The European Commission has several regulations in place already, two of which were discussed at length: the Digital Services Act (DSA) and the AI Act. The DSA’s basic principle is that what is illegal offline is illegal online. The AI Act addresses and monitors specific high-risk AI uses. The aim of this regulation is to enshrine original values: “more freedom, more information, and more democracy,” Daniel Braun stated. Having regulations in place not only protects the users, but it also protects the quality of information being disseminated. Crucially, these acts impose regulations based on how the technology is used rather than content on news and social media platforms. New rules under consideration include labeling AI-generated content. This protects the idea of AI as a utility, while making sure the public understand what is created by humans, and what is generated by machine. All panelists agreed there should be a standard to how AI can be used against AI abuse–machines should be capable of recognizing machine generated content and manipulation. The right regulations should promote “trustworthy information and empower those in the information environment…and reduce the prevalence in the space for negative externalities,” Daniel Braun concluded.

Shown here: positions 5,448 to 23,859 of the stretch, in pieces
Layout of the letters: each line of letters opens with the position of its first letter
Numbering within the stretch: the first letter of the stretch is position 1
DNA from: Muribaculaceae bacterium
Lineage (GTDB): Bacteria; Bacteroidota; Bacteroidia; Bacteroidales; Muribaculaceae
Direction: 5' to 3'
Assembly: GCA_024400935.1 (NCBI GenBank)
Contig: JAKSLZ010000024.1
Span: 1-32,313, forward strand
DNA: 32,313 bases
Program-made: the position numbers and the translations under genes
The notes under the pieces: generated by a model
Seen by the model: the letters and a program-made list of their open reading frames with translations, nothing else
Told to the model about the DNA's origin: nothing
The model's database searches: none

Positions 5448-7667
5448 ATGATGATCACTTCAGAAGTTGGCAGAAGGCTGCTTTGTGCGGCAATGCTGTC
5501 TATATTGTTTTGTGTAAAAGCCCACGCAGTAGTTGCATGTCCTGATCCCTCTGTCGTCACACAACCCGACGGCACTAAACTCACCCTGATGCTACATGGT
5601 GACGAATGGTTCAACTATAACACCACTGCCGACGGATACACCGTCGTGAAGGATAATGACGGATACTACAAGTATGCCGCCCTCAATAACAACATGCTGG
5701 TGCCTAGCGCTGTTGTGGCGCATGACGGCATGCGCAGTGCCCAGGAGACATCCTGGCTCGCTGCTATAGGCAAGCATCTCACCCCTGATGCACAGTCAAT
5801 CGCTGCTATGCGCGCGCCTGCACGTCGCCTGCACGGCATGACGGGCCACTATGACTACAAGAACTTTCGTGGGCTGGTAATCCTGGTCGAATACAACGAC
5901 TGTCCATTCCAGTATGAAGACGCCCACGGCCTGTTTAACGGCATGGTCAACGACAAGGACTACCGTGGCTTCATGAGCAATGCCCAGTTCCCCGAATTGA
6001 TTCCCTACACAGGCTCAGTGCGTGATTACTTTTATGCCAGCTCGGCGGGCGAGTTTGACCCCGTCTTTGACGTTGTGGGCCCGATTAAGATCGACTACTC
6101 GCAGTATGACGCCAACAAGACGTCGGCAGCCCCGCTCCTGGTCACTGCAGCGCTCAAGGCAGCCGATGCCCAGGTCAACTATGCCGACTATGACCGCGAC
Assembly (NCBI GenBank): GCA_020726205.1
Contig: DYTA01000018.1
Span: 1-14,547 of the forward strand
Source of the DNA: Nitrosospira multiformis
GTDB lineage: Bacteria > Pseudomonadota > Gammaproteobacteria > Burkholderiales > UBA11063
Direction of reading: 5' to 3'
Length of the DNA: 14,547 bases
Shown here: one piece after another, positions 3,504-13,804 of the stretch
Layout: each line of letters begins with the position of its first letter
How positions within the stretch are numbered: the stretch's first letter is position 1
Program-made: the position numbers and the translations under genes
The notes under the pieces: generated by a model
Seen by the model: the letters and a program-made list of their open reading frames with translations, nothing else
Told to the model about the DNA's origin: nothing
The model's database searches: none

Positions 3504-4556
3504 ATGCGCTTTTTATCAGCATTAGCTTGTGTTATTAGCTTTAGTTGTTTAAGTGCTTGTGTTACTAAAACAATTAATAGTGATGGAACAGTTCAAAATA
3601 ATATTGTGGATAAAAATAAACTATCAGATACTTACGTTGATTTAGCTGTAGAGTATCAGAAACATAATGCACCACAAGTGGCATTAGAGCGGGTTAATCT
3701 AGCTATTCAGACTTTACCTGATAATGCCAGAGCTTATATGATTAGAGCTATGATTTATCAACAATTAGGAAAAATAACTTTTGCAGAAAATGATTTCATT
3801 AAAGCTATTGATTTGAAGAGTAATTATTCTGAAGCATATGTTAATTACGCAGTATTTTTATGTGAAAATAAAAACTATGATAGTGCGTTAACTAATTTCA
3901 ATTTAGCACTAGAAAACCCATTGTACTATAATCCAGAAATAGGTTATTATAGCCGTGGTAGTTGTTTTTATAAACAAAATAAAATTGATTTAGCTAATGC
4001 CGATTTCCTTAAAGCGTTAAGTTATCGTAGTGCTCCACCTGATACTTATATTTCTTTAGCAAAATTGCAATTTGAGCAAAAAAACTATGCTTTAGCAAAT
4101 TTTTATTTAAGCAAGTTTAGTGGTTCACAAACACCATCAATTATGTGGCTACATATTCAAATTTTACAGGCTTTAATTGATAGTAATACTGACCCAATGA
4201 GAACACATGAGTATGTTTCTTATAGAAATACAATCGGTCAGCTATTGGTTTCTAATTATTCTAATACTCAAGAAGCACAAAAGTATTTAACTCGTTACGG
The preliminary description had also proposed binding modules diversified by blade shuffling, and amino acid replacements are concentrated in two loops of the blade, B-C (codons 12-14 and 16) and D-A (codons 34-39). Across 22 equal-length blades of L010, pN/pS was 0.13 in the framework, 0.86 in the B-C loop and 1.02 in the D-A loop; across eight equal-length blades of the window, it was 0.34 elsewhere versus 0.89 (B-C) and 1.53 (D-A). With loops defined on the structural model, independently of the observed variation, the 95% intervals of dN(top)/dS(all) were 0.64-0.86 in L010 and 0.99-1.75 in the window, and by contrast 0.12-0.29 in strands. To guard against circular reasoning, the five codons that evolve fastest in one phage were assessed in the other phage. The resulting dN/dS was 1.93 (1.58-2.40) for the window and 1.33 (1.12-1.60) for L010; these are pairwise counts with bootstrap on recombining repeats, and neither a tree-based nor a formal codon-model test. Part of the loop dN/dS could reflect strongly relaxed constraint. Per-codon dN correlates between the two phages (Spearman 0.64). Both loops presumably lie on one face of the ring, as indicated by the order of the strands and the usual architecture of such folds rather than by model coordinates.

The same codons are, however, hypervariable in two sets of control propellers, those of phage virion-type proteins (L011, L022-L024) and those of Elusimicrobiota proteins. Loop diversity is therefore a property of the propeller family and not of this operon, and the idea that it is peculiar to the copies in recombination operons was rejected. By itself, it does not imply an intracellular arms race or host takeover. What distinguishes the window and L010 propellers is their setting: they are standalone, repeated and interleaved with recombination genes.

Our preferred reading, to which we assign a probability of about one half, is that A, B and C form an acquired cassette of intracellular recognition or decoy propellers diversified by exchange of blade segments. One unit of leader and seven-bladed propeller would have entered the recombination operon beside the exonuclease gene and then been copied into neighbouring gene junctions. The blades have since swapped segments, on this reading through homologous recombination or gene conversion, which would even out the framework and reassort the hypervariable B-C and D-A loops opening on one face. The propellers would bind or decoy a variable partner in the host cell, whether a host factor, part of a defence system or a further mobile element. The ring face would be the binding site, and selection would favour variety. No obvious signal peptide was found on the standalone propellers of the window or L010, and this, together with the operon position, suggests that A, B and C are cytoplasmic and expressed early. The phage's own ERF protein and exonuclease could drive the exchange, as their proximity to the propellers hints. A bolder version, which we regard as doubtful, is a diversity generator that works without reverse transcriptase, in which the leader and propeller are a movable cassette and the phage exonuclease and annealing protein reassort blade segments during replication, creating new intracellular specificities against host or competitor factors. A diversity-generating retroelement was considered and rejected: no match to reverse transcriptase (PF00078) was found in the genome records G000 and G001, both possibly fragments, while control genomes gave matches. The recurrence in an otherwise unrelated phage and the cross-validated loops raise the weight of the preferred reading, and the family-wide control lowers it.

The speed of innovation in AI presents a unique set of challenges to regulators. Though the European Commission is trying to stay ahead of technological advancements, “it’s incredibly complicated to regulate a moving target,” Johann Laux pointed out. He further commented that though there is sound legislation in place, there still needs to be a strategy to implement these laws in an effective and meaningful way. Cooperation between countries and governments is crucial so methods will not significantly vary from region to region. But that level of cooperation may be challenging. While governments in free and democratic countries may choose to responsibly enforce regulations, autocratically-leaning governments may want to take advantage of AI to further suppress speech and journalism Boehler noted that regulations “could possibly be abused by these state actors” where there is a history of speech regulation and abuse, and that journalists and lawmakers alike should be asking these tough questions.